Dracula AD 71 is a veritable mine of information for the avid vampire hunter. It begins with a flashback scene to a previously-unseen battle on a horse-drawn carriage between Van Helsing (Peter Cushing again) and Dracula. When the coach crashes, Dracula is speared through the chest by the spoke from a broken carriage wheel and Van Helsing watches as the monster crumbles to dust. But once the good professor is out of the way, an ambitious young man (played by Hammer regular Christopher Neame) scoops up Dracula's dust into a container. Cut to 'modern' day, the groovy 1970s, where that self-same young man, now living under the name 'Johnny Alucard' invites his friends to join him in a resurrection ritual. While a descendent of Van Helsing (also played by Cushing) sits working out that 'Alucard' is 'Dracula' backwards (really!?), the dangerous teenager revives Dracula once more. Johnny is later killed by being held underwater in a bath (running water again), while Dracula himself is despatched by a combination of a silver knife (merging the legends of the werewolf and the vampire quite deftly) and a stake.
The Satanic Rites of Dracula gives us Hammer's final Dracula film to star Christopher Lee. Here, his vampire brides are killed when a sprinkler system is activated (taking the running water concept a little too far) and Lee's Dracula is finally killed by being ensnared in a hawthorn bush. The thorns of the hawthorn were, apparently, used to form Christ's crown for his crucifixion.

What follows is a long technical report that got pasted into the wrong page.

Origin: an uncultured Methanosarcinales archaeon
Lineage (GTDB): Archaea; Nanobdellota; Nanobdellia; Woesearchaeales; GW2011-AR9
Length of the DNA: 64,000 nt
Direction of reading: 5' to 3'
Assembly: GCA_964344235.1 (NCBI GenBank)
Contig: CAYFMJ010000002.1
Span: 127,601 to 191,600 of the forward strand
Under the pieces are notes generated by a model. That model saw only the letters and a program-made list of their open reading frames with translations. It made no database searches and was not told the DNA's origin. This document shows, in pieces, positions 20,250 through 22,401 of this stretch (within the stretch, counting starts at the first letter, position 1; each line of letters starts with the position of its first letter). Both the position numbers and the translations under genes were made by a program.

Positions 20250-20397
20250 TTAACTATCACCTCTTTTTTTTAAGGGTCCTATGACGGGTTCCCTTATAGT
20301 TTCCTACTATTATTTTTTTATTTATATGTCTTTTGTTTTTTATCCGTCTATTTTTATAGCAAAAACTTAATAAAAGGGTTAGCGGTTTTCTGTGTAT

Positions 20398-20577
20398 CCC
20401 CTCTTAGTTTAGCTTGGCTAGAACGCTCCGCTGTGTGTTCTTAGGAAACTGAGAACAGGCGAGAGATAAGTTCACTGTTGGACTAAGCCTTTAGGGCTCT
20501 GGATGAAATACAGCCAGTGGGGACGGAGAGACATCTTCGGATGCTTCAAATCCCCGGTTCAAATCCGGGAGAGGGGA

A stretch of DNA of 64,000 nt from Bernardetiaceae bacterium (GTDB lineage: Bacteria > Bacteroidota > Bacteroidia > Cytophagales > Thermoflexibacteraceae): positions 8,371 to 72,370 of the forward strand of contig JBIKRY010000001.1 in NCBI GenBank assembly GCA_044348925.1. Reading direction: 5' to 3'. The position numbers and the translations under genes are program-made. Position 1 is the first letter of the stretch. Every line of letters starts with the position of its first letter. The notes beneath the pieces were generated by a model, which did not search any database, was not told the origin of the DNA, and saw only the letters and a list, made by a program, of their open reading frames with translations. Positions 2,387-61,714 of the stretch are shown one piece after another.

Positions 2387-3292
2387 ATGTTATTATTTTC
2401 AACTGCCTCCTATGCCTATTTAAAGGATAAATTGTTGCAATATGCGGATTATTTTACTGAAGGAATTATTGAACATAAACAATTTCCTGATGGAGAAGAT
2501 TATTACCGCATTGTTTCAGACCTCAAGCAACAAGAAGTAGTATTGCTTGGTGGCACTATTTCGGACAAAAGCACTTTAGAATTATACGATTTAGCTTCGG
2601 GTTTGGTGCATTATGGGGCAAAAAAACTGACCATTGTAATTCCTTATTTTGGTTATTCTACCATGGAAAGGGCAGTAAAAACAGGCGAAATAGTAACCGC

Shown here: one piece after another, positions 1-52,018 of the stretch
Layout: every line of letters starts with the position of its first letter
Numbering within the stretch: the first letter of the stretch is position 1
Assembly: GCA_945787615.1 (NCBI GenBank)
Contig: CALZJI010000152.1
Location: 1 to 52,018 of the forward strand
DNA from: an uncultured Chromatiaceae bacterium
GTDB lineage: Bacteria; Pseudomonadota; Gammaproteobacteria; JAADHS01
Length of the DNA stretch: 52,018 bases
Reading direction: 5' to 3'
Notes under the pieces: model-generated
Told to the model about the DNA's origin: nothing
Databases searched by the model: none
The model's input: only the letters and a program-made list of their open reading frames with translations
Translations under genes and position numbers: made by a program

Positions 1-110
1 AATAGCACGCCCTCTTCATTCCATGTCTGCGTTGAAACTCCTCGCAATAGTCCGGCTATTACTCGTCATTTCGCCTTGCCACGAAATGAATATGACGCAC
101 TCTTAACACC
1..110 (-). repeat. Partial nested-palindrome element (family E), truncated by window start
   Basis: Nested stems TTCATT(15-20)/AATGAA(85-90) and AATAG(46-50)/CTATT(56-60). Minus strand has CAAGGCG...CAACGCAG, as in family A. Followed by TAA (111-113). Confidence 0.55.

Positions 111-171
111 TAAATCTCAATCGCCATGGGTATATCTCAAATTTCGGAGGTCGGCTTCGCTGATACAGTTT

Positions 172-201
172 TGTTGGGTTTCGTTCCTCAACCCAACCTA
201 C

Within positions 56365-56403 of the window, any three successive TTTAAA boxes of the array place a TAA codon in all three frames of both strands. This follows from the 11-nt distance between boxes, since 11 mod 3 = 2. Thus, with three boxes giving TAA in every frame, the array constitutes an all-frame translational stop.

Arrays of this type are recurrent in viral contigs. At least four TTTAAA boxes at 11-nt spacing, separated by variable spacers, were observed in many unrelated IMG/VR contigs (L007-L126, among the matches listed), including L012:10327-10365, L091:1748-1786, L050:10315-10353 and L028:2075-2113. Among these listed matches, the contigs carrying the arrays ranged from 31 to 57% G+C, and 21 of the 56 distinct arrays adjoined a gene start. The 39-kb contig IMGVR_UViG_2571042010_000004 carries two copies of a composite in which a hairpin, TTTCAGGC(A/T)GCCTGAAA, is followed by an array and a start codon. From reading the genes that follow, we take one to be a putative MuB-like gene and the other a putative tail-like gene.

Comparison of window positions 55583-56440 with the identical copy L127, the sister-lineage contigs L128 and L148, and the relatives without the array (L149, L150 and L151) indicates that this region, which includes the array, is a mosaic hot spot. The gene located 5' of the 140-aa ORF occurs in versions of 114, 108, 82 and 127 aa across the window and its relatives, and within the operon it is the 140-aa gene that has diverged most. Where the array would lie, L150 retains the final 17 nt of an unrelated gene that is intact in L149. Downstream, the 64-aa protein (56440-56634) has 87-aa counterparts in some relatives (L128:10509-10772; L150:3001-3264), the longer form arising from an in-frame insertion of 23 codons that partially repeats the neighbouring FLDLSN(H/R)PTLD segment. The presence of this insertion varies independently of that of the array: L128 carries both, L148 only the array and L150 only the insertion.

Although Christopher Lee had finally given up on Dracula for good (with Hammer, at least - he played the role twice more in other non-Hammer productions), The Legend of the 7 Golden Vampires instead starred John Forbes-Robertson as Dracula for a short time before the character transformed into... a Chinese vampire. The twist here was that while crucifixes no longer had any effect on the monster, images of Buddha did! Released in America on its initial run as Dracula Meets the Seven Brothers, the film might have mislead audiences into believing it was a wise attempt to link Hammer horror to the blaxploitation2 trend of the time, instead of a leap onto the kung-fu bandwagon; the 'brothers' of the title were in fact a family of Chinese vampire hunters, accompanied by their sister and Professor Van Helsing (played for the last time by Peter Cushing).